• 1957-1965- Bevo VII reigns during the start of the Royal era and is the most docile Bevo to this date in history.  He is kidnapped in 1963  and the Texas Rangers are used in the search for Bevo VII.  He is found in Bryan Texas at an Aggie veterinary clinic undergoing a thorough exam.  Bevo VII is responsible for the first "official" Texas Longhorns national Championship.  

  • 1965- Bevo VIII was too fiesty and released from his duties and responsibilities. 

  • 1966-1976- Bevo IX is great  The only thing that upsets him is women. He is kidnapped two times in 1972 once by the Rice Owls and once by the Aggies.  he is responsible for two national championship teams. 

  • 1976-1980 - Bevo X hated the smell of perfume and the color red. 

 

  • 1981 - Bevo XI is  selected as an interim Bevo while a new Bevo is trained. 

  • 1982-1988 - Bevo XII is unpredictable and is never the same after his trailer flips on MoPac.

  • 1988-2004- Bevo XIII is called the "Gentleman Bevo" by the Daily Texan and is the first Bevo that does charity work for sick kids and attends George Bush inaugural ball in 2001.  He is most famous for relieving himself on the Nebrasksa Cornhuskers logo in the Big 12 title game. 

  • 2004-2015 - Bevo XIV has the longest reign of all the Bevo's. He is a gentle spirit and affectionate. He is  even  polite to the Aggie mascot during "Reveille's"  visit to Bevo's  home. Bevo XIV even rolls  on his side for tummy rubs when his owner Betty Baker enters his stall. 

The origin of the name Bevo will never be known, but there are three speculations on the origin.  You get to choose the one you like. 

All are presented in this article by Jim Nicar ( the images are added by Billy Dale)

The Truth About Bevo by Jim Nicar

It's one of the best-known stories on campus. During a late night visit to Austin, a group of Texas Aggie pranksters branded the University's first longhorn mascot "13 – 0," the score of a football game won by Texas A & M. In order to save face, UT students altered the brand to read "Bevo" by changing the "13" to a "B," the "-" to an "E," and inserting a "V" between the dash and the "0." For years, Aggies have proudly touted the stunt as the reason the steer acquired his name. But was the brand really changed? And is that why he's called Bevo? Sorry, Aggies. Wrong on both counts.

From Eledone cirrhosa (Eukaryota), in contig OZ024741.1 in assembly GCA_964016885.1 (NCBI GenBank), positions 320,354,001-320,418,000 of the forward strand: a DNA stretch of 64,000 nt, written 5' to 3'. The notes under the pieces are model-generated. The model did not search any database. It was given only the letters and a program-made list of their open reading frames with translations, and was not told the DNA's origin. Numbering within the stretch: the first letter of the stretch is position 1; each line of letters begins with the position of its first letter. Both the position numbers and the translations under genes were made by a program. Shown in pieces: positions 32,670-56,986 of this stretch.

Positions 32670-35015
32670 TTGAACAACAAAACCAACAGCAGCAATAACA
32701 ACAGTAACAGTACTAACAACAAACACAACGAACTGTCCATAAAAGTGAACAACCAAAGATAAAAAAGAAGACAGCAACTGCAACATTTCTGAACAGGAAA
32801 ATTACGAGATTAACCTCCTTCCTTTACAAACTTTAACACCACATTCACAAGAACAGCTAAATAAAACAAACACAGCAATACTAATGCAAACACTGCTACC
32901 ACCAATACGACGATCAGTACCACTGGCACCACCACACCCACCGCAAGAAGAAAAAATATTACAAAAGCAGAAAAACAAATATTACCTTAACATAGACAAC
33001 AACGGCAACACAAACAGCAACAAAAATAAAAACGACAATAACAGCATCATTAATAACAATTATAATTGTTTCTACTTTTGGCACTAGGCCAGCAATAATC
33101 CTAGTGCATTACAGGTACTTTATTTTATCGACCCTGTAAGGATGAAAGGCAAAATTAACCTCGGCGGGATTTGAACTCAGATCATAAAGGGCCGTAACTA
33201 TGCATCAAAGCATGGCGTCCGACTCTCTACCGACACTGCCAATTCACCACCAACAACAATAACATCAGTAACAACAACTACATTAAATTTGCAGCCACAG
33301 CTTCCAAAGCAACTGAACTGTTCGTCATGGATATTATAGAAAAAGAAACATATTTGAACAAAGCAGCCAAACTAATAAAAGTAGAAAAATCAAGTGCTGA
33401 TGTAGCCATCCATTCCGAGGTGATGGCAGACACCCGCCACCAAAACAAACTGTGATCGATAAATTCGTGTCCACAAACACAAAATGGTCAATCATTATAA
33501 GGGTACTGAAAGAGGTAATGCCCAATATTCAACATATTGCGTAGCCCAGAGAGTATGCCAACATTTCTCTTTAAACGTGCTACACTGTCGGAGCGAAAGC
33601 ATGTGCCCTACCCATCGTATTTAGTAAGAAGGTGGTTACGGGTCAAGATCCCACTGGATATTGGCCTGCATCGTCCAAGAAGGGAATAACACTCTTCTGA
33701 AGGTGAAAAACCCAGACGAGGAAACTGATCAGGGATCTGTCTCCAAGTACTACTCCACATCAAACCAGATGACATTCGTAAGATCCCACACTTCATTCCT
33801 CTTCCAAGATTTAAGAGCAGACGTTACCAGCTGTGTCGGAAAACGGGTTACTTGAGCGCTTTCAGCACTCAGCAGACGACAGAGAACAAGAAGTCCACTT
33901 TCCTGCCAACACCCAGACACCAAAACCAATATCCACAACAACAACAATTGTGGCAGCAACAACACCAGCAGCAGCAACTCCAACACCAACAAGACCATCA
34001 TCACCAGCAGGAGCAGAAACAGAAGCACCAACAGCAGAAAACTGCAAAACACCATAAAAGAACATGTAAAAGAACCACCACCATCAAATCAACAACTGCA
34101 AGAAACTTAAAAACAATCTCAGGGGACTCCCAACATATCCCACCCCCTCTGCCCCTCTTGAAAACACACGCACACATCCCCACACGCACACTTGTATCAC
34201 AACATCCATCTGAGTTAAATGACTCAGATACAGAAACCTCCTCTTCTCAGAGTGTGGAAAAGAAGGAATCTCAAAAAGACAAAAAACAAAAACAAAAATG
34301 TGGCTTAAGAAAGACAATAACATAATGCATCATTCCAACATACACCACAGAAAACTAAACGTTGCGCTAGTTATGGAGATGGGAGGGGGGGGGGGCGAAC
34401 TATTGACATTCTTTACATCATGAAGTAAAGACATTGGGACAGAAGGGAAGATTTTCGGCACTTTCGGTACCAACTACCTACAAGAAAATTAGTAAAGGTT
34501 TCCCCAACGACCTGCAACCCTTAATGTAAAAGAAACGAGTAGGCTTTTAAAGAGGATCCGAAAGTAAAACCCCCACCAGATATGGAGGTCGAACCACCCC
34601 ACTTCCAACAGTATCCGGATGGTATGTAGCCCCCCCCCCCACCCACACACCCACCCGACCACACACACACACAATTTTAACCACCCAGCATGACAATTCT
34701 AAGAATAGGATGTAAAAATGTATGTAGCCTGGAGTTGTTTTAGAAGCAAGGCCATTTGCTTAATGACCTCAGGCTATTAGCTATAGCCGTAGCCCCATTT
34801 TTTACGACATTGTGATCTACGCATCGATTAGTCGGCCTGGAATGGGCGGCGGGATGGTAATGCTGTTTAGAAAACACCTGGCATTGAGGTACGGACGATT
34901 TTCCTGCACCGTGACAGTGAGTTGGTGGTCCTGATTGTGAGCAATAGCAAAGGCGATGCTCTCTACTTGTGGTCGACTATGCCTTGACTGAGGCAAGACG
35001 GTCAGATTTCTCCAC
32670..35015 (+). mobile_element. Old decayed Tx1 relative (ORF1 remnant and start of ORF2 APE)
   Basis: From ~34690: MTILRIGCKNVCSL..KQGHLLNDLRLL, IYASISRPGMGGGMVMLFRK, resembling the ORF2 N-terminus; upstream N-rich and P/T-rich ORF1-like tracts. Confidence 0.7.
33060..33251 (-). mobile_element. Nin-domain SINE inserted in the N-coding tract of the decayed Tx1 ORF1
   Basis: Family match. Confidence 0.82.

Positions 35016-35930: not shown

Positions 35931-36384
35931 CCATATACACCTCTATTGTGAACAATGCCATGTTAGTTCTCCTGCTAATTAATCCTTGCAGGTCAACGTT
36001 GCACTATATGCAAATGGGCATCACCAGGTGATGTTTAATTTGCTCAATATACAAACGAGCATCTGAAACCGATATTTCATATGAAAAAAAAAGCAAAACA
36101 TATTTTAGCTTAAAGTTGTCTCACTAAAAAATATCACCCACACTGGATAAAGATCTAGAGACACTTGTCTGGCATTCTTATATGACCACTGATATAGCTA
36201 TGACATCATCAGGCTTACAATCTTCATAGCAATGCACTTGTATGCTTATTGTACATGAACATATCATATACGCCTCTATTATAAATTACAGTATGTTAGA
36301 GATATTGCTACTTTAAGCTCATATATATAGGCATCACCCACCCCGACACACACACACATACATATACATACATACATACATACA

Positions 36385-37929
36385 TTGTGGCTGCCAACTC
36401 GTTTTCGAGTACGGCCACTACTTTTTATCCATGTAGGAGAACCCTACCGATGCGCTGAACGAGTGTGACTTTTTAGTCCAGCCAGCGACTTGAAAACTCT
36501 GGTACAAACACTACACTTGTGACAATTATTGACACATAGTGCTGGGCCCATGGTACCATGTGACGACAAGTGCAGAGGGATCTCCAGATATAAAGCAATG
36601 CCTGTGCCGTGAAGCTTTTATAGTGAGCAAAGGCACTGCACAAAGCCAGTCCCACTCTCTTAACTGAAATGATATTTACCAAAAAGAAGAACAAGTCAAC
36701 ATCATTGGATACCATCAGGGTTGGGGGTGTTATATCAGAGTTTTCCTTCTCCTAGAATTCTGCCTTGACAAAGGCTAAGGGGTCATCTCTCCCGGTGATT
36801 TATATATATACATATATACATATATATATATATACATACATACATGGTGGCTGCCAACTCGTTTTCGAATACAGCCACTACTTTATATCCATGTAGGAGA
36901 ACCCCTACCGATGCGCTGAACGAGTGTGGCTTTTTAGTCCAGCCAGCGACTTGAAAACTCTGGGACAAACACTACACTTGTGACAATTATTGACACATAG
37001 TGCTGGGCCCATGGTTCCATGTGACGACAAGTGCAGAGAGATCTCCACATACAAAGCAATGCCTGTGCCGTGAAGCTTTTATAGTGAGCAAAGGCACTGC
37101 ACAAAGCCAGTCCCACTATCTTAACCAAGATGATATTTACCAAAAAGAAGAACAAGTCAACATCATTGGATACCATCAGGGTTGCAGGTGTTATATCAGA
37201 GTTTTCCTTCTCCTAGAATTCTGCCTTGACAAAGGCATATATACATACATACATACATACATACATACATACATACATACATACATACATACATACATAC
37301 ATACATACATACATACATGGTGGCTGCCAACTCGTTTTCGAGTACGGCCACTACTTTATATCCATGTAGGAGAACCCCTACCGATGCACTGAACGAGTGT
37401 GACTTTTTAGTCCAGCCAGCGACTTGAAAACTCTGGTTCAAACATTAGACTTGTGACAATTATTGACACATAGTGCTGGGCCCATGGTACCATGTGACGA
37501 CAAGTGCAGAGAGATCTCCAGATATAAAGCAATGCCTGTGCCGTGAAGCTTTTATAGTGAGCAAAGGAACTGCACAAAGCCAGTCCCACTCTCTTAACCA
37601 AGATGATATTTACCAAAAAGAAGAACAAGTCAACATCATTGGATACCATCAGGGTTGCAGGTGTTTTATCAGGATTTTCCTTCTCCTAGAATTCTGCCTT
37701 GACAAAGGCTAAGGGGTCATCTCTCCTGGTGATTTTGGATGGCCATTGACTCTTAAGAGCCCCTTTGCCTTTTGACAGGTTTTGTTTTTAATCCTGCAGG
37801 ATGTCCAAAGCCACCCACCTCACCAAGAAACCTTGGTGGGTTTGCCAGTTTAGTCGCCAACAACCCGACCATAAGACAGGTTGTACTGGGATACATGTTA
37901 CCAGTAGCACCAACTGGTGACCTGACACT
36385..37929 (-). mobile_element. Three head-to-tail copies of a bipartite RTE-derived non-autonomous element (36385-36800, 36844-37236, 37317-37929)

It's one of the best-known stories on campus. During a late night visit to Austin, a group of Texas Aggie pranksters branded the University's first longhorn mascot "13 – 0," the score of a football game won by Texas A & M. In order to save face, UT students altered the brand to read "Bevo" by changing the "13" to a "B," the "-" to an "E," and inserting a "V" between the dash and the "0." For years, Aggies have proudly touted the stunt as the reason the steer acquired his name. But was the brand really changed? And is that why he's called Bevo? Sorry, Aggies. Wrong on both counts.

                     


The last day of November, 1916 - Thanksgiving Day - was an eventful one for the University of Texas. At 9:00 A.M. a procession of students, faculty and alumni paraded south from the campus to the state capitol for inauguration of Robert Vinson as the new UT president. Held in the House Chambers, students dressed according to their college and class. Seniors wore special arm bands, engineers sported blue shirts and khaki trousers, and freshmen huddled in green caps. There was enough pomp and oratory for the ceremony to last all morning.